« al-tanf is a growing problem | Main | The Khanassar road seems to be widening. AMN »

04 June 2017

Comments

Feed You can follow this conversation by subscribing to the comment feed for this post.

Robert44

What you write is true, but not really relevant to the Jihadhi wars in the Levant as they are political, not religious in nature. Think Northern Ireland.

Obama's attack on ISIS is doomed to fail for military and Geo Political, not religious reasons.

As a real matter he has only two ways of defeating ISIS. One is military cooperation with Tehran, which would mean ceding Iran more influence in the Levant than the US is ready to do.

The other is making a deal with Erodgan to allow regional Kurds to use Turkey in the way he has allowed Jihadhis to use it in the past.

That is a space to organize, arm, train, be financed, and get logistical support. The US will have to pay for all of this as the Gulf States won't, and of course neither will Erdogan. In fact the US will need to pay Erdogan as well.

30 million regional Kurds can make an excellent military and after a few years of organization and training should have little trouble with ISIS.

But if you want boots on the ground in the end you will have to pay for them, either that or give Tehran what it wants in the region.

Duncan Kinder

Col:

What you say is correct and shall continue to be for so long as Islam continues to exist, ie: well into the long range future.

However, it also was correct for the first 200 odd years of the United States existence without its generally being a serious problem/obsession to the degree which it has been this century.

turcopolier

Robert44

Your argument is just another version of the social sciences inspired rubbish that denies the importance of culture. So, in your universe Hizbullah is just another competing political group and the opposition against the Syrian government is political and not religious in nature. This Sunni struggle against an Alawi dominated government is really about civil liberties? for you, Erdogan is shamming his Islamism. Nonsense. pl

turcopolier

Douglas Kinder

Islamic revivalist hostility is cyclic. In recent centuries, surges of jihadism have been followed by bloody and costly defeat by the West followed by some period of quietism followed by... The US had no areas of interaction with Islamdom after the Barbary Pirates triviality until the Moro War in the Philippine and that was unimportant to American life. (Unless you fought in it) Post WW2 we were in their faces and they in ours. pl

turcopolier

robert44

In the countries under discussion culture dominates politics and business and not the other way around. Have you ever tried to make a business deal in one of these places? pl

turcopolier

robert44

"Think Northern Ireland." You think that wasn't religious? One must distinguish between religion as a vehicle for liturgy and religion as expression of group identity based on belief in differences. pl

different clue

Duncan Kinder,

In today's high population high technology world, people are able to reach out and touch eachother in ways that were not possible in the past.
What if a jihadista decided to go to Liberia to catch some ebola so he/she could then fly to the West with it? What if some jihadistas figured out how to infect themselves with MERS or SARS and fly to the West with it? Such things are possible now.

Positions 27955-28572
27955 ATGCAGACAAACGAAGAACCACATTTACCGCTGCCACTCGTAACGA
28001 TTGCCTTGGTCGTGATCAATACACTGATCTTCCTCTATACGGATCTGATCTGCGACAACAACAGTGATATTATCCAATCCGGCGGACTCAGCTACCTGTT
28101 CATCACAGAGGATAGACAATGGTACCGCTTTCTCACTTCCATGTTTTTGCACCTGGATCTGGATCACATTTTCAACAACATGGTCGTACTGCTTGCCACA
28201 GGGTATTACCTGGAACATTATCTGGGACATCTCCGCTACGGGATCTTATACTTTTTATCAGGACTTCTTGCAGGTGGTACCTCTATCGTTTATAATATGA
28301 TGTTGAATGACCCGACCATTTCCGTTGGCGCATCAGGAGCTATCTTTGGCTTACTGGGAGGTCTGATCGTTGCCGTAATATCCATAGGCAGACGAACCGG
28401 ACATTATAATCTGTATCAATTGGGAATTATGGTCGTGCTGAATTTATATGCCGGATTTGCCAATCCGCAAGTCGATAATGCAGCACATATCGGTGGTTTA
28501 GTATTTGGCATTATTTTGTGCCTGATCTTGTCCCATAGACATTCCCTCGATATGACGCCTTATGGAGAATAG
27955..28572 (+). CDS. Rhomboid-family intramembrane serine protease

Fred

Robert44,

You mean the Kurd's who have been fighting Turkey for decades? They would take only "a few years of organization...." Is that a few years longer than we took with the 30 million Iraqi's? How'd that turn out?

FB Ali

What makes you think the Kurds are prepared to act as US mercenaries in waging war on the IS?

Their only interest is to establish and maintain a state of their own. They have fought the IS when it sought to encroach on their land and people, and will do so again if necessary. But they will not fight someone else's war.

You seem to exaggerate the 'value' of money. Perhaps everything can be bought in America, but that is not the case in much of the rest of the world.

Tyler

Where is Charles Martel when you need him?

Aka

Robert44,
as I can remember, US tried to pay Erdogan in 2003 Iraq invasion but Erdogan wasn't for sale at that time.

If he wasn't for sale over a baathist sunni dictator, why do you think he can be bought over a salafist insurgency that he is covertly supporting?

curtis

culture dominates politics and business

I would be greatful if you would expand some on how this plays out, maybe with an example or two. Obviously I've never conducted business in any such area. Thanks in advance.

readerOfTeaLeaves

Col,

I am unable find the link to an item you posted some time ago, a report on the history or origins of Islam. One of the topics you mentioned, IIRC, was that during the period in which Islam originated, the Arabian peninsula and nearby regions were under pressure from long term drought. (If you recall the link that I'm referencing - it was either a series of slides, or a report - would it be possible to repost that link?)

The topic of 'drought' reverberated when I read the recent link you posted to William Polk's history of modern Syria - in recent years, extreme drought has been a severe problem in Syria. It has fundamentally disrupted rural segments of the population; this in turn has impacted urban populations. If population and climate pressures continue to increase, as they appear likely to do, it seems inevitable that conflict will escalate.

I have no experience of the Arab world, and consequently no real way to get a sense of the literacy rates, or education styles, that jihadis from many different nations would bring to discussions (and interpretations) of the Qur'an.